Rummikub Directions

By Christina Martinez

Rummikub, pronounced Rummy-Cube, is a game of strategy that calls for numbered tiles to be placed in specific configurations. As a mixture of dominoes and rummy, Rummikub may seem familiar to those who have never even played it before. It's suitable for ages 8 and up, and two to four players can play at a time. Once you have played that game and gotten the hang of it, it's possible to experiment with different game strategies.

Pregame

Step 1

Put all tiles face down near the playing area and hand out one rack per player. Agree on a set amount of rounds to play.

Step 2

Move the tiles around with your hands to mix them up. Have each player pick a tile. The person with the highest number goes first and then play continues clockwise. Put these tiles back into the pile and mix them again.

Step 3

Pick 14 tiles and set them up on your rack without showing any other player what you have. Each player must do the same.

Basic Play

Step 1

Place a "group" of tiles down on your turn within two minutes. A group consists of three or four of the same number in different colors. For example, the player could put four 8's down of different colors (black, yellow, red and blue).

Step 2

Put down a run of tiles of the same color. A run is much like a straight in poker, with three or more tiles. For example, the player could put down a 5,6,7,8 all in the color yellow.

Step 3

Put down a total of at least 30 points on initial play. This can consist of a combination of runs and groups. For example, a player could put down four 5's which would equal 20, then a series of 6,7,8 which would equal 21. Add 21 and 20 together to equal 41, which is more than 30 and is acceptable for initial play.

Step 4

Start regular play after initial play. In regular play, players use tiles from their racks and build onto sets or group that have already been laid out on the table. However, each group or run must have at least three tiles when you are finished with your turn.

Step 5

Take a tile from the pile if you are unable to play a round.

Step 6

Yell "Rummikub" when you have no tiles left. The first person to lose all of her tiles is the winner of the round.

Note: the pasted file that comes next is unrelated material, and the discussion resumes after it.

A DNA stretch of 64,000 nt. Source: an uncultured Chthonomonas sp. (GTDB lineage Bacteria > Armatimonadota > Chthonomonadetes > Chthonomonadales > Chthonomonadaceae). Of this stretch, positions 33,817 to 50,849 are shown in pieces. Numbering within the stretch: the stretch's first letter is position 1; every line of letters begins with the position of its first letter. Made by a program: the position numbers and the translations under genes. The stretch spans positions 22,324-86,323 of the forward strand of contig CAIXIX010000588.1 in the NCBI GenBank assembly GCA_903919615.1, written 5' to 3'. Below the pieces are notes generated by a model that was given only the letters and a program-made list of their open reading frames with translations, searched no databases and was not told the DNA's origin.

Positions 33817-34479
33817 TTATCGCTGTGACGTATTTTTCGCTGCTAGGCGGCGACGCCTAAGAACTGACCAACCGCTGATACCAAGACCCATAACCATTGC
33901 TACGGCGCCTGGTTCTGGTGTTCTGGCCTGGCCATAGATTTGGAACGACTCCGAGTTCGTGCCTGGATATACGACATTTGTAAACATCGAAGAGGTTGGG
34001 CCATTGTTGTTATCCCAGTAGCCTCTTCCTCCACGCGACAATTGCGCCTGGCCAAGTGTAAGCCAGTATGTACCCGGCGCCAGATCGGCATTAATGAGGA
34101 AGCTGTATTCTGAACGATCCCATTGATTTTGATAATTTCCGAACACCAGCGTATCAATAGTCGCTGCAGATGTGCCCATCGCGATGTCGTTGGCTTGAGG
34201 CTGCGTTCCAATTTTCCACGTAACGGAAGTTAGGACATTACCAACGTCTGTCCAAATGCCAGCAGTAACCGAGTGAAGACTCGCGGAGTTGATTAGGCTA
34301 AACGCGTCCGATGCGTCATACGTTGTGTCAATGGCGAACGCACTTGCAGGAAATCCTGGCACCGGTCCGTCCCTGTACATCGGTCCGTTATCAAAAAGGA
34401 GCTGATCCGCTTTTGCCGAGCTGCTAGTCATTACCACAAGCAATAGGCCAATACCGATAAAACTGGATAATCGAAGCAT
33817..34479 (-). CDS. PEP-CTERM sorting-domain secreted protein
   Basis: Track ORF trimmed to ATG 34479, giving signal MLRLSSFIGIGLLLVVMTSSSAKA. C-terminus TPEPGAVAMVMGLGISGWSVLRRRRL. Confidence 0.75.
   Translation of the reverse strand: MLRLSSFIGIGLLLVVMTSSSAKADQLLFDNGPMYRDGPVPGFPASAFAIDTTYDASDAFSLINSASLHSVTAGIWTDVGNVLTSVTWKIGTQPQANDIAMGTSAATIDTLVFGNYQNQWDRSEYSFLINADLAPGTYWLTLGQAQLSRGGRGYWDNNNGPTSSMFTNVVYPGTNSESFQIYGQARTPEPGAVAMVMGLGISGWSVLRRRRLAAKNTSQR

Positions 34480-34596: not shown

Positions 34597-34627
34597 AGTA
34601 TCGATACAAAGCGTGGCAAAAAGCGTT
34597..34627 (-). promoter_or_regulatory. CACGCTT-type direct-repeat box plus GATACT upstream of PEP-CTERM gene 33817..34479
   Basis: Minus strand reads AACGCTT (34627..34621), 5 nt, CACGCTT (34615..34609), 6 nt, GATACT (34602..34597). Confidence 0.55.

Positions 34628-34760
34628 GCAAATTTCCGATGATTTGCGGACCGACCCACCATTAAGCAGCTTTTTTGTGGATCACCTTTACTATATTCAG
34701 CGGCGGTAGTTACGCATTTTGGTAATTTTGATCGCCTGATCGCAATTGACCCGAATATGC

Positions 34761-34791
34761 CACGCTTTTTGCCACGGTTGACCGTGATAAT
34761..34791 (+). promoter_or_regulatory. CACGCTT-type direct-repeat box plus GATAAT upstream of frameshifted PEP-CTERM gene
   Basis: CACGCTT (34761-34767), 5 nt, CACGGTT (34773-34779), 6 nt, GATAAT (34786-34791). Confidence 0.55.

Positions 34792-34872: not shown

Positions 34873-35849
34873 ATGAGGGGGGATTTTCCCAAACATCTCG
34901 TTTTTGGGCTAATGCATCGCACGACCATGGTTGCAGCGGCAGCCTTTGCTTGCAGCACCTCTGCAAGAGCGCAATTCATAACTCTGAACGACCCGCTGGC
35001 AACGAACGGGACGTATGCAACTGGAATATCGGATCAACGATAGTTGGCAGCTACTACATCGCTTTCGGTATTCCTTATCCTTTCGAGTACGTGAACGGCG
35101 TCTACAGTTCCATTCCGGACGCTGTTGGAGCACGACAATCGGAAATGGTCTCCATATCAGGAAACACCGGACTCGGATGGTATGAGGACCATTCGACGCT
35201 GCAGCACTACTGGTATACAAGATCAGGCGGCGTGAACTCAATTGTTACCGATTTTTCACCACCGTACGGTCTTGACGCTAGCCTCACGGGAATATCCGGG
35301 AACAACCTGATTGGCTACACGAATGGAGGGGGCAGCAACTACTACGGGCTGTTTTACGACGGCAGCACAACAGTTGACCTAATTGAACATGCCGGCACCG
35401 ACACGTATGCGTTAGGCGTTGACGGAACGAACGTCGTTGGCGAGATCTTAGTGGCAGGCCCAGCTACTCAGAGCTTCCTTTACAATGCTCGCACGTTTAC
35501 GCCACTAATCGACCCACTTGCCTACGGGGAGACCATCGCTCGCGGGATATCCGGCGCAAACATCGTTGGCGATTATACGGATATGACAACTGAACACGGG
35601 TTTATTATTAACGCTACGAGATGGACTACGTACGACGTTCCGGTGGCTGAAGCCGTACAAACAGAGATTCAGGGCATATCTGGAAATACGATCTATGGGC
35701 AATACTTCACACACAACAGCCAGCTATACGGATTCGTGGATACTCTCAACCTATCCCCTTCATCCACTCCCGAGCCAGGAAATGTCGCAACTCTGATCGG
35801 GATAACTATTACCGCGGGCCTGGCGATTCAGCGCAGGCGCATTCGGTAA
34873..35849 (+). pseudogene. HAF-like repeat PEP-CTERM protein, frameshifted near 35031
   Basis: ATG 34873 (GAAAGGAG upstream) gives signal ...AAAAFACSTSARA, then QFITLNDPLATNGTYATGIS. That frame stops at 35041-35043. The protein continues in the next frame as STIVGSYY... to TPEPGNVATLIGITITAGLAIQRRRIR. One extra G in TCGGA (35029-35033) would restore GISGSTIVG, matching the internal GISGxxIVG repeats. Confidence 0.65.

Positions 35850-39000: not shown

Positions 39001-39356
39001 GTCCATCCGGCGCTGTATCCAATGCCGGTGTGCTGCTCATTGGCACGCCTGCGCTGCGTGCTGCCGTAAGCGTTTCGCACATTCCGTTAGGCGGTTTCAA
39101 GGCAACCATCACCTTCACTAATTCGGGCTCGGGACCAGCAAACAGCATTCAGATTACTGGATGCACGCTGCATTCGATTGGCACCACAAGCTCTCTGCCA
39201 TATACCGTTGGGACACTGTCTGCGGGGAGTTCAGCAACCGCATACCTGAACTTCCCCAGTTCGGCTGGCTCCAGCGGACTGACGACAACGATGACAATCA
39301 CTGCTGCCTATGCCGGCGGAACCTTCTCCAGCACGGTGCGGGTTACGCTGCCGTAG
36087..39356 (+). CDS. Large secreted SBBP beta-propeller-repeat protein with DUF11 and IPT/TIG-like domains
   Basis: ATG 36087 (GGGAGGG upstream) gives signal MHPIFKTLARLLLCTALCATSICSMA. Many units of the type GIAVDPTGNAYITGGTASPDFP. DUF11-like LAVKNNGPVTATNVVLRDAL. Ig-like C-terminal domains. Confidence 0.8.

Playing the Table

Step 1

Add any number of tiles to an already existing run. For example, if you have a 5 and 9 in yellow in your rack and a 6,7,8 run has already been laid out in yellow, your additions would make the end run 5,6,7,8,9.

Step 2

Add a tile of a different color to an existing group in the table. If you have a blue 11, and there is a group of 11's in yellow, black and red, you can add your blue 11 to the group.

Step 3

Split groups and runs already on the table. If you have a 1,2,6 in black and there is a run of 3,4,5 on the table, split the 3,4,5 and put your remaining tiles on the table. The result would be two separate runs of 1,2,3 and 4,5,6.

Step 4

Use numbers from the group of tiles already on the table. For example, you could have 10 and 11 in black on your rack and there is a group of four 12's (blue, red, black and yellow) on the table. Put down your 10, 11 and then add the black 12. The result is separate run of 10,11,12, and you still have a group of three 12's left on the table.

Scoring

Step 1

Count all your tiles in your rack if you are one of the players who didn't go out that round. A 7 equals seven points, a 4 equals four points and so on. These add up to negative values. For example, if you had 21 points in your rack, your score is now -21. Get caught with a joker in your rack and the penalty is 30 points.

Step 2

Add every other player's individual loss with the exception of the round winner. These losses will result in the winning player's gains. For example, if player A had -4, player B had -21 and Player C had -15, add these values together. The result is 40. The winning player of that round gets a score +40.

Step 3

Score every round this way until you reach the agreed-upon round limit. The person with the most points at the end of the rounds wins the entire game.

About the Author

Christina Martinez has been writing professionally since 2007. She's been published in the California State University at Fullerton newspaper, "The Daily Titan." Her writing has also appeared in "Orange County's Best" magazine. She holds a Bachelor of Arts in communications and print journalism from California State University.